Clever bakers can turn the extra time in the kitchen into a scientific smorgasbord of experimentation. Starting with investigations into the role of baking powder, the use of egg substitutes, the secrets behind flakey crusts, and the quest for perfect chocolate chip cookies, the kitchen can be a hotbed of science (and math)!
But kitchen science doesn't have to be about dessert. Aspiring food chemists can find all kinds of recipes for exploration, even some that let them investigate the science behind human health and nutrition and current eating crazes. For example, what's up with gluten?
Holding It Together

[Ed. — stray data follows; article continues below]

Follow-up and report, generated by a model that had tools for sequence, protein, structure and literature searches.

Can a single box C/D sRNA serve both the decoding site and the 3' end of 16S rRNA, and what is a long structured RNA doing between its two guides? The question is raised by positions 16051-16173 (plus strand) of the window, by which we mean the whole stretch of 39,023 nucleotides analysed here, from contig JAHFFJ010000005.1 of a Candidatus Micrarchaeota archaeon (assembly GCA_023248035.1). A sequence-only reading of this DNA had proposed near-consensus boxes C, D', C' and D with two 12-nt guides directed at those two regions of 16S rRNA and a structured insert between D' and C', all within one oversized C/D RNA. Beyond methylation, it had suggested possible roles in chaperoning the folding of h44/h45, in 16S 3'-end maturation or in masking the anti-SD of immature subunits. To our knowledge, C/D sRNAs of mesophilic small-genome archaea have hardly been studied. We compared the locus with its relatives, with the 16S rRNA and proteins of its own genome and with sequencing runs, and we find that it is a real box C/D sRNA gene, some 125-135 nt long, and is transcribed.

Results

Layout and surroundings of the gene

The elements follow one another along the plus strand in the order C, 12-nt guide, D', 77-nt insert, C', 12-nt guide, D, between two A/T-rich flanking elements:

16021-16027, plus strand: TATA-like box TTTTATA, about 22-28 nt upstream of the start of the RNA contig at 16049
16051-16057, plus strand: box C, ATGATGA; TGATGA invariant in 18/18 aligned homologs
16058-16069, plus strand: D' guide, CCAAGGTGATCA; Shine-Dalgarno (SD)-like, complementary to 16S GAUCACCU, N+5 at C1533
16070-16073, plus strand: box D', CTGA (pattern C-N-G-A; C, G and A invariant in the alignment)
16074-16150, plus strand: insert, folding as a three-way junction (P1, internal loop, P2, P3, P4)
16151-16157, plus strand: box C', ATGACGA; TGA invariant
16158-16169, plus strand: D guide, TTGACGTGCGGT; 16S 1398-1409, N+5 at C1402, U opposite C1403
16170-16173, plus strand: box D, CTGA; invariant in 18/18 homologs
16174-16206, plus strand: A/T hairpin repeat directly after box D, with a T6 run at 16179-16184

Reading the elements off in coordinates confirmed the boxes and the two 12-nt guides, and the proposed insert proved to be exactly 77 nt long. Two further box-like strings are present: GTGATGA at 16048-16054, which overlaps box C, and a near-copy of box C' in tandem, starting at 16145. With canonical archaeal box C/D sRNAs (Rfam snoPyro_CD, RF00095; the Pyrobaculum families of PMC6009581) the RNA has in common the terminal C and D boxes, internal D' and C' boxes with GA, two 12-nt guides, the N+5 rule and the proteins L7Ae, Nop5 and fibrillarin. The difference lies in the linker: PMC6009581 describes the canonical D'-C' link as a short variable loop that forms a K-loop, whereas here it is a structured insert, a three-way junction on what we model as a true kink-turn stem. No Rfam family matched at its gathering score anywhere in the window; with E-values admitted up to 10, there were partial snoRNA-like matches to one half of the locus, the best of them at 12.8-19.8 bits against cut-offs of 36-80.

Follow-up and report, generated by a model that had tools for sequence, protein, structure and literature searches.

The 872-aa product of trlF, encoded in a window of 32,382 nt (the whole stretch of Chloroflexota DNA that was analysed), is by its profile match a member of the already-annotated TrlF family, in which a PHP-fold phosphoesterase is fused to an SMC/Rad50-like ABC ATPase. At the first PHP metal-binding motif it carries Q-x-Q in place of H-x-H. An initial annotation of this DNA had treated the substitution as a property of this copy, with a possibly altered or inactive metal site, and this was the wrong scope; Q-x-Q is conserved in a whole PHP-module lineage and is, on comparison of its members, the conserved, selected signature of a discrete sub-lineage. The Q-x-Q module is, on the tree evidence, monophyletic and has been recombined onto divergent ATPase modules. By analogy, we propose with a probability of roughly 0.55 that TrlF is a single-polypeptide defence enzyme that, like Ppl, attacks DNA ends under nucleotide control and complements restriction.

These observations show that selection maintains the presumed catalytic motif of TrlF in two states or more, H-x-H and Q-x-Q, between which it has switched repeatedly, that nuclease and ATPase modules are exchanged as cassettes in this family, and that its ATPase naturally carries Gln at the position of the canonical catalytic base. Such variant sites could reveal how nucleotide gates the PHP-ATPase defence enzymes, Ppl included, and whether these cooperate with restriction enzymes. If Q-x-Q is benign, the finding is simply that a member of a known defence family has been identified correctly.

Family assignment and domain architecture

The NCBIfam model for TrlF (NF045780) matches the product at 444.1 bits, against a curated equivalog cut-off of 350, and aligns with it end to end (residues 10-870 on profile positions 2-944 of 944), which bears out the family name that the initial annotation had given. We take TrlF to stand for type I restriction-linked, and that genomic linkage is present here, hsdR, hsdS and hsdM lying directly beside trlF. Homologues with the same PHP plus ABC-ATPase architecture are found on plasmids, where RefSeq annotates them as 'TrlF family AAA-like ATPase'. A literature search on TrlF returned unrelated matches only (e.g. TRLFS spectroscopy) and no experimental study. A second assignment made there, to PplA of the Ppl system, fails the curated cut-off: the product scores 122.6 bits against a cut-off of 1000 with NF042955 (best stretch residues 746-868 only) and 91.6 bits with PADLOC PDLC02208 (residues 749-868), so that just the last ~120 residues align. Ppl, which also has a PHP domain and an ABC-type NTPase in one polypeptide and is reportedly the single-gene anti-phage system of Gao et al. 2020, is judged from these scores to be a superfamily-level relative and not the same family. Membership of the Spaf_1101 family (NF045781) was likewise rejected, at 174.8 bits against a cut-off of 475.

Breads and bread- or grain-based dishes are, for some, the top of the comfort food list, and what you like best about certain foods may boil down to the presence of gluten, a protein found in wheat, rye, and barley. From pasta to pizza dough to giant pretzels, many familiar food items contain gluten. With its connection to wheat, this may sound like a good thing. After all, there's been a strong "whole grains" push in recent years, which accounts for more lunchboxes containing wheat or multi-grain breads. But the words "gluten-free" appear in more and more conversations, magazines, and ads these days.
There is a health condition related to gluten. Celiac disease, also known as gluten intolerance, is a genetic disorder. When people with celiac disease eat something with gluten, the small intestine reacts and can be damaged. For those with celiac disease, eating gluten-free is a necessity, not a lifestyle choice. But many people are choosing to follow gluten-free diets.